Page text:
September 28,2009

Shanxi's Nationalizing of Coal Mines Riles Zhejiang Investors, Government

By CSC staff, Shanghai

In April, Shanxi Province, known as

China's "coal capital," announced it would nationalize 2,840 registered coal mines and finish signing the agreements with newly nationalized mines by the end of September, retaining only 1,000 open mines by 2010.

 

And Zhejiang Province is not happy about it. Private Zhejiang entrepreneurs have investments totaling 50 billion yuan in more than 450 mining companies in Shanxi employing more than 10,000 workers. The province is conducting an investigation into the losses of Zhejiang-invested mining firms in Shanxi due to M&A.

 

According to Zhejiang officials, many businessmen from the province, attracted by Shanxi's preferential investment policies, have gone there to invest but have been limited to holding no more than 30% of the shares. Compensation for their original mining exploring rights will be determined by the Shanxi provincial government, not based on law, which is in conflict with the coal industry policy set by the State Council.

 

Wang Xiaojun, director of the Mining Rights Trading Center of the Zhejiang Assets and Equity Exchange, is leading the investigation and has appealed to the central government to pay attention to local protectionism of Shanxi in the course of coal mine nationalization. He called for legitimate rights and interests of private enterprises from Zhejiang and Fujian in Shanxi to be protected.

 

Many people from Pingyang County of Zhejiang's Wenzhou City went to Shanxi to invest in coal many years ago. Among them was Huang Yidiao. In 1996, Huang's father-in-law and several friends became contractors at a coal mine in Ningwu County of Shanxi. At that time the price for coal plummeted to 10 yuan per ton, resulting in losses of four million yuan in less than two years, and they were forced to transfer the coal mine to someone else.

 

After 2000, with a coal market rebound, Shanxi introduced a series of preferential policies to attract private capital back to small coal mines, and there was an influx of capital from Wenzhou. Investment from Pingyang County alone reached more than 30 billion yuan in more than 260 coal mines.

 

Since 2005, Huang Yidiao has invested 500 million yuan in three coal mines with annual output of 150,000 tons. By last March, Huang had finally got all relevant mining and exploring documents. But the Beijing Olympics forced the closure of all small coal mines in Shanxi, and Huang's mines have not reopened.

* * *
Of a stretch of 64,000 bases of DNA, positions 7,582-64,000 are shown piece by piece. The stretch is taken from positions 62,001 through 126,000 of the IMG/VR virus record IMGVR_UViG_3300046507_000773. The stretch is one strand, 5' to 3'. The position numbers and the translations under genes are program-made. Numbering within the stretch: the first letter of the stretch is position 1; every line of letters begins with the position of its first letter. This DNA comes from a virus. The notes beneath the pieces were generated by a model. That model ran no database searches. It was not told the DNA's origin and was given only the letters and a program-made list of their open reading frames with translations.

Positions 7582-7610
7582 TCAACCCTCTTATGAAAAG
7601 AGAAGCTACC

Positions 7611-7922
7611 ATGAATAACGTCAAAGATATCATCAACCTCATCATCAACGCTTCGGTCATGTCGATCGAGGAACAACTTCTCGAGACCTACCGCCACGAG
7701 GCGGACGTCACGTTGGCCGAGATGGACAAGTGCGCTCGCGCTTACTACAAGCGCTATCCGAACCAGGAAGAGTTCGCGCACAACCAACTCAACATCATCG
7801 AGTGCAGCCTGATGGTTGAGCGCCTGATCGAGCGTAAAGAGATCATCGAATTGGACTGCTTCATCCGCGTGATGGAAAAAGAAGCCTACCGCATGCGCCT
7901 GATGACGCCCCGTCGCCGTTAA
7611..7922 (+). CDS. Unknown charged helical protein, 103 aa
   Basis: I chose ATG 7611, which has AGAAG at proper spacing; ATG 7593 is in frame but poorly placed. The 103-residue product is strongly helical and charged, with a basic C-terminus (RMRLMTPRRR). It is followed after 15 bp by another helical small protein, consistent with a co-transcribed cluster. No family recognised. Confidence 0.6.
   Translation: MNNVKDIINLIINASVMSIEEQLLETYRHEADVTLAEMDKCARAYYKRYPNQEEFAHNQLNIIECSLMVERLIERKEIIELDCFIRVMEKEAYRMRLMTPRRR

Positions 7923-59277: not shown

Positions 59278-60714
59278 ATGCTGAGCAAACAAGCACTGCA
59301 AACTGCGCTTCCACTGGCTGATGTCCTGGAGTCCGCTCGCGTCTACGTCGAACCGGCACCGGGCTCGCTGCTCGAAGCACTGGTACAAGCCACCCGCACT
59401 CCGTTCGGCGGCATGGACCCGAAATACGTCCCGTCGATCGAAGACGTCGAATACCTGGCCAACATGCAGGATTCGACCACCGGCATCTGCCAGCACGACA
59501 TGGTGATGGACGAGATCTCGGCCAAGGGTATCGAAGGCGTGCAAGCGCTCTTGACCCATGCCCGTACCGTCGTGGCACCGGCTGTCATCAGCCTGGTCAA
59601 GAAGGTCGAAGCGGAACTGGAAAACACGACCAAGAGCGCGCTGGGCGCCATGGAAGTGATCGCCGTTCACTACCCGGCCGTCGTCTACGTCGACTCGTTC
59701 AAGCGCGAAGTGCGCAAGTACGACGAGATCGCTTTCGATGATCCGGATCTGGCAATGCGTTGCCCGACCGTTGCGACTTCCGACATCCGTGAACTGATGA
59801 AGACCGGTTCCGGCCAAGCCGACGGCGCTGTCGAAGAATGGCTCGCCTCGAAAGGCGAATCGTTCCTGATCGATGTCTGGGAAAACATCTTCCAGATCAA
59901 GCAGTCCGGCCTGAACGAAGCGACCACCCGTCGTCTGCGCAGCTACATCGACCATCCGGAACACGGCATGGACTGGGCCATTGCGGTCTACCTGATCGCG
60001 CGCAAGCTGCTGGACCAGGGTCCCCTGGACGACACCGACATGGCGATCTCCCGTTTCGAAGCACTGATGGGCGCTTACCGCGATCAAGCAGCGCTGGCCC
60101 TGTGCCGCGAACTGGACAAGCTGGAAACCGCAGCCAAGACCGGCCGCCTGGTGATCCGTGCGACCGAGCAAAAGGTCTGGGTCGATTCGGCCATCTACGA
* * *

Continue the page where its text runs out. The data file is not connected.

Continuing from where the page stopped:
Early this year, Shanxi Province mandated that "the number of mines across the province will be reduced to 1000 by 2010, and the annual production of a single well must be 900,000 tons. Three large-scale coal enterprises with 100 million tons production and four 50 million-ton firms will be established by 2011, whose production will account for more than 75% of the province's output."

 

In April, Shanxi again stated that only 1,000 coal mines will be retained in 2010, and the annual production of coal enterprises after M&A must be no less than 3 million tons and that of single well will be no less than 900,000 tons.

 

Huang said the main state-owned enterprise taking part in the coal mine consolidation in Ningwu county is Fenxi Coal Mine Group, and governmental officials call him every day, urging him to participate in negotiations and finish M&A earlier.

 

Since the coal mine reform in 2005, many Zhejiang businessmen have obtained mining exploration licenses and industrial, commercial, taxation, and other related certifications after fair competition, signed resources transfer agreements, and paid money, as well as having invested much money to improve the production environment and increase productivity.

 

However, in less than four years, Shanxi Province has issued regulations three times raising the access standard: annual production of the single well increased from 90,000 tons to 300,000 tons and then to 900,000 tons; annual production scale of enterprises must reach 3 million tons; the total number of mines will be reduced from the original 2840 to 1000.

 

The vast majority of Zhejiang-owned mines are small and medium mines, facing unconditional merger or closure. A lot of money invested in them comes from relatives, classmates, friends, and colleagues of those private businessmen, as well as private loans. The huge losses involved in the M&A will affect many enterprises, institutions and banks, causing a chain reaction.

 

Shanxi coal from Zhejiang-invested mines accounts for 30% of the total consumption in Zhejiang. Energy tension in Zhejiang will appear once the supply is cut off. At present, 50 million tons of coal is controlled by Zhejiang investors, of which 30-35 million tons are sold directly or indirectly to Zhejiang.

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